A December 2001 trip
to New Orleans by diminor1929
Quote: New Orleans is a TERRIFIC place to spend the Christmas/New Year Holiday! The entire city seems swathed in tiny lights and every gallery and balcony is bedecked with loads of garland and ribbon. Experience all the dynamite activities that NOLA is famous for, without the hassles of crowds and humid weather. The southern charm,atmosphere and N'Awlins spirit remain, plus a lot of special deals are offered on hotels,restaurants,etc... The locals tell me it is the best time to visit!There are museums,bars,restaurants,clubs,etc...where you can experience Mardi Gras, Jazz Fest and other great festivals held in the Crescent City. So if you dont like crowds but love Southern hospitality,good food and great entertainment,December is the time to cometo the "City That Care Forgot".
Private guided tours are the best and reasonable for cemeteries, ghost tours, plantations.
You are encouraged not to drive at all into the French Quarter. Buy a streetcar pass immediately for easy, efficient transportation up and down St. Charles Avenue. Within the French Quarter (Vieux Carre) there is a Riverside street car that requires a different ticket/pass. But you will probably want to walk off all of the excellent meals you will be having and walking is absolutely the best way to travel within the F.Q.
Hotel | "Suite Jazz on Frenchmen Street"
It truly is a suite that could easily sleep 4 people (there were only 2 of us. While you have to hike up 2 flights of stairs to reach it, it is well worth the effort! We really felt like part of the local "scene" by having our own key to come and go.
Even tho it is located above/behind Snug Harbor (it's hard to explain), noise was never a problem. In December we nodded off to sleep hearing just the faintest sounds of jazz below. The suite had a large "living/dining" area with sofas, table and chairs, small refrigerator stocked with coffee, milk, ice, tea, sodas. A built-in cupboard stored wine glasses, plates, etc... Walk thru the long window out onto the BIG outside gallery overlooking Frenchmen Street. I went out there every afternoon with my drink and my book (Anne Rice-thoughtfully provided by the hosts). So relaxing! Continental breakfast in the form of a delicious pastry (croissants, bear claws, homemade banana bread) was delivered to our door every morning by our charming host, Sylvia. She provided a flavored coffee from a shop 2 doors away. We liked it so much we had to stop and get some more to bring back!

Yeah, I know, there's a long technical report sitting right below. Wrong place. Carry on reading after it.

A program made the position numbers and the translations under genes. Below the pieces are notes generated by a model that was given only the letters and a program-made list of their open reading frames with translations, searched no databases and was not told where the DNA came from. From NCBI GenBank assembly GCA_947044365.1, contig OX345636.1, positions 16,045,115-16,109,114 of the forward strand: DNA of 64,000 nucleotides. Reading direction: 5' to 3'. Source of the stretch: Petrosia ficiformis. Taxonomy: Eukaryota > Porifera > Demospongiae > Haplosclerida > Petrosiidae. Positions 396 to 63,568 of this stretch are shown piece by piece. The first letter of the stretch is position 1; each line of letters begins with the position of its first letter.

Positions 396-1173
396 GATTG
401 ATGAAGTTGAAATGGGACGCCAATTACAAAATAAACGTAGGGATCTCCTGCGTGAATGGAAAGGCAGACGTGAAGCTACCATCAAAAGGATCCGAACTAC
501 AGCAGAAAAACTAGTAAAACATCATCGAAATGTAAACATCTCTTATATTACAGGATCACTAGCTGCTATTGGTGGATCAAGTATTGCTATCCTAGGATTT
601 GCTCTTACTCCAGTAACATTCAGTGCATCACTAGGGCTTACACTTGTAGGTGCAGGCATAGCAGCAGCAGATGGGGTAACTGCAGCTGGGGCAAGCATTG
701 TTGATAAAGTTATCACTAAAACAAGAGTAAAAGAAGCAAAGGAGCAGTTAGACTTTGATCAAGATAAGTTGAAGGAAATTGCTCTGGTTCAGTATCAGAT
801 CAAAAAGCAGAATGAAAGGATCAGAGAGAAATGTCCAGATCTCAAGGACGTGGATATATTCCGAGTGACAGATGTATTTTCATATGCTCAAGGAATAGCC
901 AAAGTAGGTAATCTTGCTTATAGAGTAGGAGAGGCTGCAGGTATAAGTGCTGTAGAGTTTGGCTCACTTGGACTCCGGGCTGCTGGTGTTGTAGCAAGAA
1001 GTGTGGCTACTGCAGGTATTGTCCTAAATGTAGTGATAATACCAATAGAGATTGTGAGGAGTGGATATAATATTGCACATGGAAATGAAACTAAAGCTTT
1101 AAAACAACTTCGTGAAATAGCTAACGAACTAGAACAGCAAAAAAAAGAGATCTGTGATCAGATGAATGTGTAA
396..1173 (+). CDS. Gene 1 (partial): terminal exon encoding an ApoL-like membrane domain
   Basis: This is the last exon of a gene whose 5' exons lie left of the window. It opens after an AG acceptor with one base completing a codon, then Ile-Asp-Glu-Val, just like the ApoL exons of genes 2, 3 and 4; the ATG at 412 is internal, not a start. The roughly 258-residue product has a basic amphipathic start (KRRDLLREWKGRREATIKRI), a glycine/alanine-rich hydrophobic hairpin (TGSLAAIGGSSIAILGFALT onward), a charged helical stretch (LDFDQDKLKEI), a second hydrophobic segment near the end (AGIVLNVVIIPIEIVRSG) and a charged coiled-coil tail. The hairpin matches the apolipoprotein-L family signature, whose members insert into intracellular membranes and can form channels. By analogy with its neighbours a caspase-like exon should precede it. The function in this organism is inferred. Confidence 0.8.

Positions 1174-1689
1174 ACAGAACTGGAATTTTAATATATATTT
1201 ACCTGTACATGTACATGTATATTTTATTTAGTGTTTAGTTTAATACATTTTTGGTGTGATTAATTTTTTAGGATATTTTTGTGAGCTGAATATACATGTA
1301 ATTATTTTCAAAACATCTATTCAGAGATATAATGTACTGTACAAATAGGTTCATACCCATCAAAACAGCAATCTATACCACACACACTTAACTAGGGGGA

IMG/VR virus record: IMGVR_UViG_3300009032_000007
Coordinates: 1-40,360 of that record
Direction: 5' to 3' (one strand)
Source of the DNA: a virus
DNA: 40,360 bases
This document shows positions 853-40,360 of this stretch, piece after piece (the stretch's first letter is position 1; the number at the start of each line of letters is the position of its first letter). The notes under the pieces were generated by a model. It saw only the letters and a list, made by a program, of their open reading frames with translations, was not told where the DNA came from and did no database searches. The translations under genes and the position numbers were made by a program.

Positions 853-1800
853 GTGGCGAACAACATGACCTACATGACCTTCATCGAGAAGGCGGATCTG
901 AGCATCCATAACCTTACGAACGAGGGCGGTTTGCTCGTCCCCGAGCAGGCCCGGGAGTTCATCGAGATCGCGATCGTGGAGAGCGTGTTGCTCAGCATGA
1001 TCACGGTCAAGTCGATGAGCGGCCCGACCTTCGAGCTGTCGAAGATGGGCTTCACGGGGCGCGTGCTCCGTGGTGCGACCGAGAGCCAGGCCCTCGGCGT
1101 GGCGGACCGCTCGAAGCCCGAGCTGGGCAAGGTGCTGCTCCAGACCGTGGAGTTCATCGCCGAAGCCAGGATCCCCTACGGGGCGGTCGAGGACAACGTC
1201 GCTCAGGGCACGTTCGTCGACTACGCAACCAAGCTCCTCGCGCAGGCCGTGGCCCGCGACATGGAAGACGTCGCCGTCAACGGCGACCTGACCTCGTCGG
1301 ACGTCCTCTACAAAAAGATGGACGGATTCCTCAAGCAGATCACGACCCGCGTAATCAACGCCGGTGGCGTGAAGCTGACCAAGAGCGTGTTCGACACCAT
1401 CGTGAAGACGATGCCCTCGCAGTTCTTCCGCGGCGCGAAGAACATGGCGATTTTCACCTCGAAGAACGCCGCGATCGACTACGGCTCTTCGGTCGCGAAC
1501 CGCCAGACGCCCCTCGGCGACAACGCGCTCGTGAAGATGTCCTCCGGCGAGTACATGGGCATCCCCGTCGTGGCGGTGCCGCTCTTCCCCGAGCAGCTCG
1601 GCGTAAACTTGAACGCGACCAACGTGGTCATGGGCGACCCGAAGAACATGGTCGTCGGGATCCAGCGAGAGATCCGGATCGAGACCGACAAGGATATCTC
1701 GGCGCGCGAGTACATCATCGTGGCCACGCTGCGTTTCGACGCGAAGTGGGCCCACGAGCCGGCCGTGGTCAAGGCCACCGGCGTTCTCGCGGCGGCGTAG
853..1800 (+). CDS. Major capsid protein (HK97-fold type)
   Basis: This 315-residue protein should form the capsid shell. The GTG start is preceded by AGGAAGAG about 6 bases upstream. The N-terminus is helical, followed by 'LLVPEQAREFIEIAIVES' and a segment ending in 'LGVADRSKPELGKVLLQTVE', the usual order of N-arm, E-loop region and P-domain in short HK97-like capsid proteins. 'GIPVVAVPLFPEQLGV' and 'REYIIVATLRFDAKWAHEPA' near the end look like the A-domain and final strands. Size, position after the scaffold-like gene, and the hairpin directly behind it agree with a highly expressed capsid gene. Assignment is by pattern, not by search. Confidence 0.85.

The bedroom was a little on the small side but adequate. It is decorated very nicely and has T.V., etc... Bathroom was bigger and nicely remodeled. We loved the location(within walking distance to French Quarter) and our hosts gave us plenty of "insider" information about where to go, what to see, etc... Unbeknownst to us Northerners, Snug Harbor is considered THE coolest jazz spot in N.O. Musicians with the names of Neville, Marsalis, and a host of others frequent the locale regularly. If you like jazz and dont mind going off the beaten path a tiny bit - this is a place you'll love!
Member Rating 3 out of 5 on August 2, 2002
626 Frenchmen Street
New Orleans, Louisiana
Hotel | "Southern Comfort B&B"
Since it was the night before Christmas Eve,the parlor glowed with light from the tree and gas fireplace. Across the center hall the heirloom buffet and sideboard were set with delicate china and silver for the next morning's breakfast.
Our spacious suite, The Plantation Room, was furnished with a queen-sized Belmont Plantation bed and the over-sized antique armoire, faux fireplace with original mantle and oak dresser and vanity added to the authentic detail of the room. A separate adjoining room, with a double trundle bed, can be used as a sitting room or extra sleeping space.
The private bath proved to be an unexpected delight! Cindee Quick designed a space that captured the aura of a bygone era yet provided all the comforts and amenities desired by road-weary travelers. The crowning touch was the Battenburg lace shower curtain!